The First Book of Wilde"We come now to the First Book of Wilde", said the Lord, giving a small cough to clear his throat. He stepped back from the podium to survey the Assembly, a dynamic little movement accompanied by a slight flourish of the forearms. The watching individuals felt the tug of fervour beneath their ribs strengthen perceptibly, in sympathy with the enraptured, charismatic conviction emanated by the speaker. The light of the chandelier shone on the Lord's neat golden hair, on the purple velvet of his ceremonial tailcoat and the rich smoke of his heavy, opium-tainted cigarette, illuminating the smooth pallor of his skin with the warm glow of a hundred candles.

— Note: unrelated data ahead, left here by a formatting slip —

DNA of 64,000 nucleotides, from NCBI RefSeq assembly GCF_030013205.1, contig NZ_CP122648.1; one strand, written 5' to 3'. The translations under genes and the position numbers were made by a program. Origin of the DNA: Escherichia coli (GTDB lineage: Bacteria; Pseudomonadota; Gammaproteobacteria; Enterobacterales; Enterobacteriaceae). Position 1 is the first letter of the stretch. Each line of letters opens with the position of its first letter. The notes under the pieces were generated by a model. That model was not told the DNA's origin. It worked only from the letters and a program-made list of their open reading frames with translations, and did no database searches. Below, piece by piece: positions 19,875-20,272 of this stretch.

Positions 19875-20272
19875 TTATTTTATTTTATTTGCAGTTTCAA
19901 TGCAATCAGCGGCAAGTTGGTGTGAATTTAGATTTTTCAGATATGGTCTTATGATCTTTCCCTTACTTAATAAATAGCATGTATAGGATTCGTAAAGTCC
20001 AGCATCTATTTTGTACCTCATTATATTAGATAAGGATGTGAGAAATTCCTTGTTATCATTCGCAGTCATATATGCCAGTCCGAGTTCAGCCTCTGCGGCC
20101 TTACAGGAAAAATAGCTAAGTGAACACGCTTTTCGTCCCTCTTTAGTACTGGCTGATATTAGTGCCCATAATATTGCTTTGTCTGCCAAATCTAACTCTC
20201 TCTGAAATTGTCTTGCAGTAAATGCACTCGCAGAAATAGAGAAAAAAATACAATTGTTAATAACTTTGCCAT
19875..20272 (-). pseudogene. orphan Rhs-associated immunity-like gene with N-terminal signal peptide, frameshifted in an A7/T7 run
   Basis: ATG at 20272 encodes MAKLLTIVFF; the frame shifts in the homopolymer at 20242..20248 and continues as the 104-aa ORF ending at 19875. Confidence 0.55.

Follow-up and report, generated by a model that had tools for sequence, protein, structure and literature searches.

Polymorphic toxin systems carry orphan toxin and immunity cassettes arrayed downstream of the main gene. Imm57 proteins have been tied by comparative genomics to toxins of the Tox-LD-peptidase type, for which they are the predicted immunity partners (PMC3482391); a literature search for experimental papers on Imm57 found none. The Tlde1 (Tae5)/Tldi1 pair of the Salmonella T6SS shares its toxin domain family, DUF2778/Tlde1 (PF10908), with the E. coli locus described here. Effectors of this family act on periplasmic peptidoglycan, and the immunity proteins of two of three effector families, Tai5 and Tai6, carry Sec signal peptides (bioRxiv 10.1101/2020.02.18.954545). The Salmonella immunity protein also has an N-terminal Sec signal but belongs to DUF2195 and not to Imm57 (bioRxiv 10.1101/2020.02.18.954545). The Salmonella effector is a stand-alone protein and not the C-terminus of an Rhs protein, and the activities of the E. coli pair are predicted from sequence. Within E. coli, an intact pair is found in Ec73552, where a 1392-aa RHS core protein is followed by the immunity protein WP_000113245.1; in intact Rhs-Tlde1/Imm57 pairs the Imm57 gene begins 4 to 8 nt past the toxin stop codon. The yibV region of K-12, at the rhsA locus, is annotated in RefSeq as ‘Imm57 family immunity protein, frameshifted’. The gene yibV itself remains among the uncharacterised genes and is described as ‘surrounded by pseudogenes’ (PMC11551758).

"It is a Book of great Beauty and terrible Ugliness, of paradoxes and contrasts that speak with ravishing elegance to the Hedonism of our deepest souls. It has much to teach us about ourselves as Victorians. Turn now to The Twenty-Three Maxims of Art, maxim five; 'Those who find ugly meanings in beautiful thi